Bodybuilding involves developing muscle and improving physique through progressive weight training and intentional dietary changes.
Bodybuilders are interested in increasing the size of their muscles and improving their appearance, not just developing their overall strength.
A person can apply the same techniques of bodybuilding for their regular workout routines. People interested in growing muscle, whether for bodybuilding or general fitness, need to focus on challenging resistance training to trigger the development of larger muscles.
People can also consider the following three potential mechanisms of muscle hypertrophy:
- metabolic stress
- mechanical tension
- muscle damage
In addition to workouts, bodybuilders need to focus on their diet. A good understanding of how foods affect their size and current goals is important for those looking to bulk up or lean out.
A bulk-up period can last several months to years. During this time, a person will consume a high calorie and protein-rich diet to grow as much muscle mass as possible.
During the lean-out stage, the person focuses on losing as much body fat as possible while maintaining as much muscle mass as possible.
Bodybuilding can yield several health benefits. One clear advantage comes from exercise frequently with aerobic and strength training sessions.
People often use aerobic exercise to lose body fat. According to a recent review, there is overwhelming evidence that regular exercise increases a person’s lifespan and helps prevent several chronic conditions and diseases.
Strength training also plays an important role in overall health. According to another review, muscular strength reduces the risk of several mortality risk factors.
In developing their diet, bodybuilders will want to focus on healthful foods and nutrition. They should follow a healthful dietary eating plan that includes the foods they need to develop muscle mass safely.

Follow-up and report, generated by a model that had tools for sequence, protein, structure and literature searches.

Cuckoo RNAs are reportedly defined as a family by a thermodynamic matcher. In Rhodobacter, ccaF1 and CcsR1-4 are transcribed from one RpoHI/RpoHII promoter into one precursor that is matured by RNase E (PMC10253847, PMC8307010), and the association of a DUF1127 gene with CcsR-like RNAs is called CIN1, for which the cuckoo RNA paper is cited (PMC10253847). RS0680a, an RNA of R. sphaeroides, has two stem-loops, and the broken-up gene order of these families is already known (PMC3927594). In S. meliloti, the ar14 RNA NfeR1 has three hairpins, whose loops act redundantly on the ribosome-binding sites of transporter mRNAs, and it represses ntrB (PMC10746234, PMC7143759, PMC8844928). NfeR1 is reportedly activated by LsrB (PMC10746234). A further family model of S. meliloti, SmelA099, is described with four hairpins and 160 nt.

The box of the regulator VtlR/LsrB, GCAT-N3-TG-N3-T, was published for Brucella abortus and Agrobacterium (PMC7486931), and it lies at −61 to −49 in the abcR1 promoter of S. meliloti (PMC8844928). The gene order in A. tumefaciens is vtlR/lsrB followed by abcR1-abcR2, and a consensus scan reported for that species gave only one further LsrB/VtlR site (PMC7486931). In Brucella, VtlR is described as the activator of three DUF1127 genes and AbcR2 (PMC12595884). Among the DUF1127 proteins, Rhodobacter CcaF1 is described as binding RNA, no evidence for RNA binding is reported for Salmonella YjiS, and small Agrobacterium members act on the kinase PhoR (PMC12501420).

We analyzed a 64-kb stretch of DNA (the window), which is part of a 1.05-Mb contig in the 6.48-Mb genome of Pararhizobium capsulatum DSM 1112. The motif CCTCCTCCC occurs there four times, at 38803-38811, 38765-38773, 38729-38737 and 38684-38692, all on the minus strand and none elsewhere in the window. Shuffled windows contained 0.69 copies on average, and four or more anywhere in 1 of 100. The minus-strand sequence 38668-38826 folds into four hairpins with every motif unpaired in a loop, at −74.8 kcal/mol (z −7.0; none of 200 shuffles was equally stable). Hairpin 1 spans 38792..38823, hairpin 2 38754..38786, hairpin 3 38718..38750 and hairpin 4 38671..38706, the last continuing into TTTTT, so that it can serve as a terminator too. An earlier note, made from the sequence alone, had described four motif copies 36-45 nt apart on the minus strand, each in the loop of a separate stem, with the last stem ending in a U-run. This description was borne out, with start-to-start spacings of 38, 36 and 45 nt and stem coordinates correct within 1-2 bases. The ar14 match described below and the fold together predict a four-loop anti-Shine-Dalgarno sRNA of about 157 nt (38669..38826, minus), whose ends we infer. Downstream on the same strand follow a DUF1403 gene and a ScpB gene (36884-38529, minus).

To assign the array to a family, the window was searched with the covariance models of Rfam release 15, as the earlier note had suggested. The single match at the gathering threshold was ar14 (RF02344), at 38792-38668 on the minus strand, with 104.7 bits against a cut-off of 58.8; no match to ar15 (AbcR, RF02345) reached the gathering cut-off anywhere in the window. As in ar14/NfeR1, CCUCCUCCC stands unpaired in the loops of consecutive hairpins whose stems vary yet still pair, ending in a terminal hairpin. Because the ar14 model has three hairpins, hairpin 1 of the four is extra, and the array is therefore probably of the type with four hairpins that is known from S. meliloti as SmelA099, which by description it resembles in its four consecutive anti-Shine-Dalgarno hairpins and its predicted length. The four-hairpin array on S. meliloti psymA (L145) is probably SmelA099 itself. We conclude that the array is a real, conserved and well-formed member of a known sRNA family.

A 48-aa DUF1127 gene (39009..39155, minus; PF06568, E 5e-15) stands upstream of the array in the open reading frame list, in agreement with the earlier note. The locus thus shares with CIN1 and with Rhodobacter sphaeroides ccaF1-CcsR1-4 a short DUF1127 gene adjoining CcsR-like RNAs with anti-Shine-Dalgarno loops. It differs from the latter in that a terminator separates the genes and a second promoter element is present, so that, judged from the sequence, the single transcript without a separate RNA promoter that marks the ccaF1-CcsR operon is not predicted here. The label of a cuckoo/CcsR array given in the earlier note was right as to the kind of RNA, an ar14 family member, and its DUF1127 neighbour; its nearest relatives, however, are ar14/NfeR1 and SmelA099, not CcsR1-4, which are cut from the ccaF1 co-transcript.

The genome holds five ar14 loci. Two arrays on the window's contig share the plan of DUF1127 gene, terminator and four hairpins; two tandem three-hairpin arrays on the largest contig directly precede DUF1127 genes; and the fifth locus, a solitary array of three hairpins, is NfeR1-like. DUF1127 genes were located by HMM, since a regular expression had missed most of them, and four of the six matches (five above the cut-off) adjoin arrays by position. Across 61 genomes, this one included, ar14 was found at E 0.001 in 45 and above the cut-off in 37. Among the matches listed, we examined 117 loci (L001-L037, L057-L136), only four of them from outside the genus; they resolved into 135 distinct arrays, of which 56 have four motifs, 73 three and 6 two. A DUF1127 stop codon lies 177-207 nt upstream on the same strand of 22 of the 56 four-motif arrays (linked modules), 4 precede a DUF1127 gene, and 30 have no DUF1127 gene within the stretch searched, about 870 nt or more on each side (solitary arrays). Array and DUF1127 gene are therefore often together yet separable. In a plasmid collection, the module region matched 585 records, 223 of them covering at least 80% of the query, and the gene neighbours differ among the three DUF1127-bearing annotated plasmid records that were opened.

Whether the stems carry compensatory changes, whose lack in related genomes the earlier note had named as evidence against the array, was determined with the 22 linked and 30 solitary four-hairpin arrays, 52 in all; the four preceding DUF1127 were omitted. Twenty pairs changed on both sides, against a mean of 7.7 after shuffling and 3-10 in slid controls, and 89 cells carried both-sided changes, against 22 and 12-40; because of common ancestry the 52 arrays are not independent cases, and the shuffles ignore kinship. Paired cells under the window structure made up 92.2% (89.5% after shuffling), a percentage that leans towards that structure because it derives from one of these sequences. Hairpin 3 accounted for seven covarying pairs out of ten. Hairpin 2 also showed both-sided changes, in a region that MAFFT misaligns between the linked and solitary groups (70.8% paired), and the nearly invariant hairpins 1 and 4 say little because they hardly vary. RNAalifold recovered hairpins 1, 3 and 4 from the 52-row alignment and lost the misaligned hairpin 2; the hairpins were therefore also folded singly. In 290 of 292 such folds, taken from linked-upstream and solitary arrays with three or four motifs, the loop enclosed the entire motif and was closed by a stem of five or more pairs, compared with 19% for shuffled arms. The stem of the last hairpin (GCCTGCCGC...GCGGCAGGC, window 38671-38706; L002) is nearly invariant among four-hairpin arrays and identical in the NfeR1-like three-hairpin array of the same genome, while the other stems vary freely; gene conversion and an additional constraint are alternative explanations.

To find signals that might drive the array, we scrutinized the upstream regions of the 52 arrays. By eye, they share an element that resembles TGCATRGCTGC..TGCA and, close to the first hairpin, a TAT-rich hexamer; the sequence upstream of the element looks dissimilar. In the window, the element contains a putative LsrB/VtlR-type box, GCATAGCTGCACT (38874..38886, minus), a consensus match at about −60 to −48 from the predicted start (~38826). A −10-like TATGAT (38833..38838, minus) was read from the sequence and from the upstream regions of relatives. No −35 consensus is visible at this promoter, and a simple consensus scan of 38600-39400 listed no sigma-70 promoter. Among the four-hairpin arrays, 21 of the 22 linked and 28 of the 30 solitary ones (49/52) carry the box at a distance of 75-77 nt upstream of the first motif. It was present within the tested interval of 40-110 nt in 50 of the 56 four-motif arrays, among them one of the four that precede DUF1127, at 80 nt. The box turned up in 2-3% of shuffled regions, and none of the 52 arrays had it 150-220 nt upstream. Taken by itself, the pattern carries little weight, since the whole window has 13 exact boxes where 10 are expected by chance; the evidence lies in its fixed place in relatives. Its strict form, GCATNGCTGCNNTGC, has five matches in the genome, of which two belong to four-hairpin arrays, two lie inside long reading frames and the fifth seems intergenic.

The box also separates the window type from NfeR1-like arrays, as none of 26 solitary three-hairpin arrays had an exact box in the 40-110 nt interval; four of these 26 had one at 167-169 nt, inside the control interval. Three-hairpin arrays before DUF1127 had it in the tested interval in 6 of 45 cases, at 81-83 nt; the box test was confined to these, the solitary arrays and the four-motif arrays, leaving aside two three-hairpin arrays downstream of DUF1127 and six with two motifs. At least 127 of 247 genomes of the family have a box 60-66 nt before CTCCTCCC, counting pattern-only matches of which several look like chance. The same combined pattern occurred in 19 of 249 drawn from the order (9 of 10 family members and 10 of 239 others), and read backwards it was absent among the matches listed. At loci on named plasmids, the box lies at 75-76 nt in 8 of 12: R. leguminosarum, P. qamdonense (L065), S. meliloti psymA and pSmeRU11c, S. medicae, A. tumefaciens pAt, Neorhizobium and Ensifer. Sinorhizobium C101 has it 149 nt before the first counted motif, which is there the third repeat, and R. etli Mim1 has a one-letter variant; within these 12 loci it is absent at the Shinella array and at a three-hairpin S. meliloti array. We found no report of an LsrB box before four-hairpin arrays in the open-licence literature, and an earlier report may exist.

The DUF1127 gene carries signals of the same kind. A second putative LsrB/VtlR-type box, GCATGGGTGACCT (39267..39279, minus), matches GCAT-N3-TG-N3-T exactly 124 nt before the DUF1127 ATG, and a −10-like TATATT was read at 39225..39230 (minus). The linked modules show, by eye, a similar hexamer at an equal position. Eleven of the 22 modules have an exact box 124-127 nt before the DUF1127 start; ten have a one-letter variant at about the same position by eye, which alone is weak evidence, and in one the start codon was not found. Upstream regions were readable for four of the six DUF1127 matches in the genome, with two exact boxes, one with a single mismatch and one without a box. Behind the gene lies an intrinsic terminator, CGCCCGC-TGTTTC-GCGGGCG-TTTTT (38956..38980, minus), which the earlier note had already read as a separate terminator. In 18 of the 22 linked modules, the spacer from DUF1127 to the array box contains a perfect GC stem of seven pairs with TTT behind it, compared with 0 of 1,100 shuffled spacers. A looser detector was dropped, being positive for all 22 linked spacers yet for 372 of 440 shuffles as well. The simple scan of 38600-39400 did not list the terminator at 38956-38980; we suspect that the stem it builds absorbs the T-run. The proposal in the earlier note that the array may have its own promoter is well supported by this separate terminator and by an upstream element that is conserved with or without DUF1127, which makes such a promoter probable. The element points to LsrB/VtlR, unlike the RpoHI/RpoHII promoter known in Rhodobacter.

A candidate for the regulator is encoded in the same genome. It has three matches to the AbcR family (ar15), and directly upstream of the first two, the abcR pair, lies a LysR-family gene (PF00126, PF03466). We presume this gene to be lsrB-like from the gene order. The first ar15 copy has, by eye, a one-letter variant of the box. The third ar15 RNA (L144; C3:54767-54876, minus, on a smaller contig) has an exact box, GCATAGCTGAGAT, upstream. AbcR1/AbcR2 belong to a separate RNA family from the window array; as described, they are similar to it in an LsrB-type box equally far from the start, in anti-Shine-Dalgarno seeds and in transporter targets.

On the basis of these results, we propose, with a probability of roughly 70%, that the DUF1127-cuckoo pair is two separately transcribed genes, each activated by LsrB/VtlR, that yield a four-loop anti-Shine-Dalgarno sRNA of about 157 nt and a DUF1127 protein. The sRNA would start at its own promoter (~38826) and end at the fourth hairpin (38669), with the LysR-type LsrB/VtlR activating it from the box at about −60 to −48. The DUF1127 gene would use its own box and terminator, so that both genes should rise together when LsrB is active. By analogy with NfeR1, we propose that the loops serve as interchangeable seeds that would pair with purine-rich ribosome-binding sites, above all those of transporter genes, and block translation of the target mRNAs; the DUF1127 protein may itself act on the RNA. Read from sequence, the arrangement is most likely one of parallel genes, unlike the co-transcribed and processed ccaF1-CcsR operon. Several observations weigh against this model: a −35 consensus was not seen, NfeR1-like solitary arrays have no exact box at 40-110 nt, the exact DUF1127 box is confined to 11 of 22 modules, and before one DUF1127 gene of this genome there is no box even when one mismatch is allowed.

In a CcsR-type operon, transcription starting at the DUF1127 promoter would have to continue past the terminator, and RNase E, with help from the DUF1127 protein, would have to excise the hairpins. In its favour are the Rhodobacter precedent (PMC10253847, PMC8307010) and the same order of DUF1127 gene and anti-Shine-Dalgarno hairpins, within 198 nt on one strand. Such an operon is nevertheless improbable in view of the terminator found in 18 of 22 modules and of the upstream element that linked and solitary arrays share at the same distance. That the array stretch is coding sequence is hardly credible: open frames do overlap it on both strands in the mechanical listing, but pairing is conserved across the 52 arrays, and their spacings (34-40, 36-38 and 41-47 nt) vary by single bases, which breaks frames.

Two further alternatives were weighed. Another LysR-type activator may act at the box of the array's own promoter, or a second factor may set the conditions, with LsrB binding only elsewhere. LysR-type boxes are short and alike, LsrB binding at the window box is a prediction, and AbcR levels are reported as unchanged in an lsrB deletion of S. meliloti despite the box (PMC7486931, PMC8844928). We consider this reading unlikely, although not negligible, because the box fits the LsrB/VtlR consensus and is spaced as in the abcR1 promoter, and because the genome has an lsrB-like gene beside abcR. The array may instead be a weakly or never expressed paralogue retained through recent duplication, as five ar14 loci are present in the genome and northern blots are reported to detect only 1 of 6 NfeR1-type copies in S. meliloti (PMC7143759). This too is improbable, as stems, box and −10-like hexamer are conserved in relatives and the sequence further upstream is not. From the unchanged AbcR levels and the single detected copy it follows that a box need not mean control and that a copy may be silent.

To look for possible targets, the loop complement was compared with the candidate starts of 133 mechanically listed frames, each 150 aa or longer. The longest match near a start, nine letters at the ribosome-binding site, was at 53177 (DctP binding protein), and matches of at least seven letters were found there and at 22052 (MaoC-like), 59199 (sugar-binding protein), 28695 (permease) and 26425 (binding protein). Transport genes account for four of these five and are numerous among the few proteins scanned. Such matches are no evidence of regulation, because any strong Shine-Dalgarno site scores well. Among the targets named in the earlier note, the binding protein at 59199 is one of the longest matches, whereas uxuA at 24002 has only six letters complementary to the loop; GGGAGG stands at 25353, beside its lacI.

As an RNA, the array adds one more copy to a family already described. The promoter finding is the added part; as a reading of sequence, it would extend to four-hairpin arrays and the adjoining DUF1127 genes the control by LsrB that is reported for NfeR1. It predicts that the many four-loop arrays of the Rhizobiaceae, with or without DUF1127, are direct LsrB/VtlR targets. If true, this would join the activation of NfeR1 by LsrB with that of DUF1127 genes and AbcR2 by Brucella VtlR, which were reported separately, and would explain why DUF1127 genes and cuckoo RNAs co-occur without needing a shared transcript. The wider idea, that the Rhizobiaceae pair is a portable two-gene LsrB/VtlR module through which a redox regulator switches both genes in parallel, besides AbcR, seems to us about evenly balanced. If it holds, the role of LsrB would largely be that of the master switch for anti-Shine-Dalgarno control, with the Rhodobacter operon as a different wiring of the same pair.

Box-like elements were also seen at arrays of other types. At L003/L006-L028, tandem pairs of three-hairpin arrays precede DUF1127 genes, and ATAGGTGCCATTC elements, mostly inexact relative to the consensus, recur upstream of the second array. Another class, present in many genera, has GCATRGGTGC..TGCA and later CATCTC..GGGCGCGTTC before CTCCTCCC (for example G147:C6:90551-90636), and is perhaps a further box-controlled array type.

According to the Dietary Guidelines for Americans, following a nutrient-rich diet can also help reduce the risk of developing health conditions that negatively impact a person’s quality of life and life expectancy.
To effectively gain muscle mass or reduce body fat, a person needs to focus on eating the right number of calories.
They also need to concentrate on their macronutrient consumption and eating strategy, or how many times they eat throughout the day.
The number of calories a person eats, combined with exercise, affects whether they will gain, lose, or maintain their current weight.
In order to bulk, bodybuilders should eat more calories than their body needs to maintain weight each day. Conversely, when preparing for a competition, they need to eat fewer calories than they need each day to lose fat while preserving muscle mass.
According to an older review, a bodybuilder should increase their necessary caloric intake by 15% during the off-season or bulk-up periods. To lose fat, they should eat 15% fewer calories than the number they need daily to maintain their weight.
A person should consult their doctor, certified fitness instructor, or dietitian for professional guidance on how many calories they need to eat daily. They can also try using a reputable online calculator.
A person can then tailor their caloric intake based on whether they are in the bulking or leaning phase of their training.
Macronutrients, or macros, are three general types of nutrients that provide energy to a person. They are:
A person following a bodybuilding routine should base what they eat on a balance of these three macronutrient groups.